Settling the credit score: How lenders judge consumers

Your credit score says a lot about what kind of consumer you are.

There's something potential lenders use to make lightning-fast judgments about what kind of consumer you are: the credit score.  That’s according to John Ulzheimer, president of consumer education at SmartCredit.com.

"The credit score was designed to predict the likelihood of somebody going delinquent on a loan 24 months after they have actually applied for the loan," says Ulzheimer. "It's an assessment of the risk for a lender to do business with you.  So, they use these scores to determine whether or not A) they really want to business with you and b) under what sort of terms they want to do business with you."

There are three main credit reporting agencies -- Equifax, Experian and TransUnion -- and that means, you can wind up with three different credit scores.  Or more.

"You actually have hundreds of scores and the reason you have hundreds of scores is, think of scoring models like software and every couple of years, software is redesigned, redeveloped, there are competitors in the market that have their suite of products and credit scoring models are really not that different from that," Ulzheimer says.  "So, you have 50-plus versions of a FICO score, which is really the industry standard."

Some of our listeners have written in to say they've seen huge variations in their credit scores -- from a 10-point to even a 60-point difference.  Ulzheimer says those differences don't matter much in most cases.

"In my 21 years in this business, I've never actually seen a consumer have three identical credit reports across the three credit reporting agencies," he says.  "The difference in score is important only if it transcends what I would call 'good and bad', meaning that if you have really good credit, you're going to have a really good credit score pretty much anywhere you apply.  The difference is minor -- if you're an 800 at one credit bureau and 810 at another credit bureau -- that's not a big deal.  Where it does become a big deal is if you have something negative on a credit report at one credit reporting agency that's not on another credit reporting agency.  Then, you can have huge disparities in scores which can be problematic."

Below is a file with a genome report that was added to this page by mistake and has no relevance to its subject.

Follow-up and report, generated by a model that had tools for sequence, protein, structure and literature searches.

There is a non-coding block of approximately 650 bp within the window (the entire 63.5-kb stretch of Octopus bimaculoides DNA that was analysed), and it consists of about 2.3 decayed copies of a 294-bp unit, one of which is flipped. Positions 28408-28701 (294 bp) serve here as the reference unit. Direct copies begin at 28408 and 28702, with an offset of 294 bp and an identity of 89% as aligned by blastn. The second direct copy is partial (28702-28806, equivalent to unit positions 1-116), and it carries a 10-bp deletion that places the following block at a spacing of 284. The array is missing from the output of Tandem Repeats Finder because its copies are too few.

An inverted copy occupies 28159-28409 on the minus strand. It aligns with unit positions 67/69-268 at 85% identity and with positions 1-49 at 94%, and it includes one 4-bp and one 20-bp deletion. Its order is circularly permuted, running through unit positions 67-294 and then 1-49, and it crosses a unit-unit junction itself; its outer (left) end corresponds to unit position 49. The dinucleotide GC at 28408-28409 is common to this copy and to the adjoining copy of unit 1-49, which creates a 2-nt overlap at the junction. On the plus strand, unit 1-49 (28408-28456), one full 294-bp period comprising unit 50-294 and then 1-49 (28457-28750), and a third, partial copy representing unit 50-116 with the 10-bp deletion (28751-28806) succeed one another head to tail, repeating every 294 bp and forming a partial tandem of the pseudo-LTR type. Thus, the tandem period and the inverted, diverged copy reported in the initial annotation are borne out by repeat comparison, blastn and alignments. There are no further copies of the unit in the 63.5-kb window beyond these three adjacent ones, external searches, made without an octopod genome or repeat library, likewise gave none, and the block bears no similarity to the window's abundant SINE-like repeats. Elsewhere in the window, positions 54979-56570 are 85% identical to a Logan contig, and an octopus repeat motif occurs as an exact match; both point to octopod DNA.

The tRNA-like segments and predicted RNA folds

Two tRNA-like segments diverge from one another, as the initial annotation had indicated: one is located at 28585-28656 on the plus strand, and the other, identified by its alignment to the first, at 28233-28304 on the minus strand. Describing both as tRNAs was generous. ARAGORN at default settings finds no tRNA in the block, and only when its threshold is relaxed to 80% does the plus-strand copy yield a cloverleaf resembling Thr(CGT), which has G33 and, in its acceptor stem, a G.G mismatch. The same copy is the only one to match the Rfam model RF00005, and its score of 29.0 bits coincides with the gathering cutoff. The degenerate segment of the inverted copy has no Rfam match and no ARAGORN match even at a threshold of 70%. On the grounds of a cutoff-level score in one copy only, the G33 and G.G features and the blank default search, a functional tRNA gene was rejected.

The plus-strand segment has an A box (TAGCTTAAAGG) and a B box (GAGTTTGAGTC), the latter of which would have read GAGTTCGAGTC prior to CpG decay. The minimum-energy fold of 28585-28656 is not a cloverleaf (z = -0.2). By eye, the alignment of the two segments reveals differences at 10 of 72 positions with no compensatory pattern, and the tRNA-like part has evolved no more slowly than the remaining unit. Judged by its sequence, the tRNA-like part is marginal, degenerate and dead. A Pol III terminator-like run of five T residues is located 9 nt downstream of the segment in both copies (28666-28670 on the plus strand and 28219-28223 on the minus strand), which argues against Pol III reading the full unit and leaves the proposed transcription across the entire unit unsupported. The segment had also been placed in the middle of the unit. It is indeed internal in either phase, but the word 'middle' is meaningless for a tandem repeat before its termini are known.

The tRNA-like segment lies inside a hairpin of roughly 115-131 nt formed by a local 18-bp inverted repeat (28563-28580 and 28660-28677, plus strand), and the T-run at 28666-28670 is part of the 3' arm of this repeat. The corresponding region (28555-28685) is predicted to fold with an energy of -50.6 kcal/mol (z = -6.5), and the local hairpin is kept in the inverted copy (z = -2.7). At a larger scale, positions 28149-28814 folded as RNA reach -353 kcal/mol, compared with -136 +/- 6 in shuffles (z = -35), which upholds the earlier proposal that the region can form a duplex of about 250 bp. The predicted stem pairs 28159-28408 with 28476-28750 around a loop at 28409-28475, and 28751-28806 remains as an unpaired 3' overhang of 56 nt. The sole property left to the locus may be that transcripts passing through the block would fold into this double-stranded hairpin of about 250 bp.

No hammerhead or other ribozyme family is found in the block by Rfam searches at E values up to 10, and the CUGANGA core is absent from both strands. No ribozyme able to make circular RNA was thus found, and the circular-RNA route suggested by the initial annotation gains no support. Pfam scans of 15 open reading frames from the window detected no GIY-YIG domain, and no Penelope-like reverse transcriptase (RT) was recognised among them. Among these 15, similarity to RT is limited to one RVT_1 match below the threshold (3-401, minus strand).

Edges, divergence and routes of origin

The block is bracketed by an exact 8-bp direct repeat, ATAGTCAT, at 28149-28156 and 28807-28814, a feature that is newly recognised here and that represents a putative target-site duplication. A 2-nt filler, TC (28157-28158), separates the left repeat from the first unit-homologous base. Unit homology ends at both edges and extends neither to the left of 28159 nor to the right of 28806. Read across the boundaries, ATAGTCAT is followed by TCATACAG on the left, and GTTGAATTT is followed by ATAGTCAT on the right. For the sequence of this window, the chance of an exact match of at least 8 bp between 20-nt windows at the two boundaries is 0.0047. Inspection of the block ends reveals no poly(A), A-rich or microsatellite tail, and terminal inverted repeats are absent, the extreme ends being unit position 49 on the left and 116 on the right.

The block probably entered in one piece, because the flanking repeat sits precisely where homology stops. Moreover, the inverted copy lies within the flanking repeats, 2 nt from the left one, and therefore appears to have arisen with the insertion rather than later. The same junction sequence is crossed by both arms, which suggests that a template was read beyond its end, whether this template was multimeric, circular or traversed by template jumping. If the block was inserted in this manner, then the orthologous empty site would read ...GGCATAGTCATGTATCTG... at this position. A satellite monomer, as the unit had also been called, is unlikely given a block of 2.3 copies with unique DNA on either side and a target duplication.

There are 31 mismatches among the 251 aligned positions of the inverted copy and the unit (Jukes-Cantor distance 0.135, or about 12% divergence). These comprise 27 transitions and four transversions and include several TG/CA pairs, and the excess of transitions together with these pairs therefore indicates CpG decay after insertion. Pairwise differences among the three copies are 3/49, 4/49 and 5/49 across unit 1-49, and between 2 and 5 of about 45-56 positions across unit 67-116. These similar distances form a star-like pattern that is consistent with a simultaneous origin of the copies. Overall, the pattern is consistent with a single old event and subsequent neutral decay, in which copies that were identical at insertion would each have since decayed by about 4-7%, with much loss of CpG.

Here's a guide to how creditors read your score in today's consumer market:

750-higher: This is considered a good score.  "Any credit score that is high enough that the lender is going to approve you at their best terms.  There is no credit crunch for you.  You're really in the sweet spot," says Ulzheimer.

680-750: Ulzheimer says a score that falls in this range means, “you may not get the best deal that the lender's offering, but you're likely going to get approved."

680-under: This is considered a low credit score.  "Anything below 680, you're really rolling the dice," says Ulzheimer.  "Anything below 600, it's highly unlikely you're going to get approved and if you do get approved, you're going to be paying some pretty punishing interest rates."

About the author

Adriene Hill is the senior multimedia reporter for LearningCurve.

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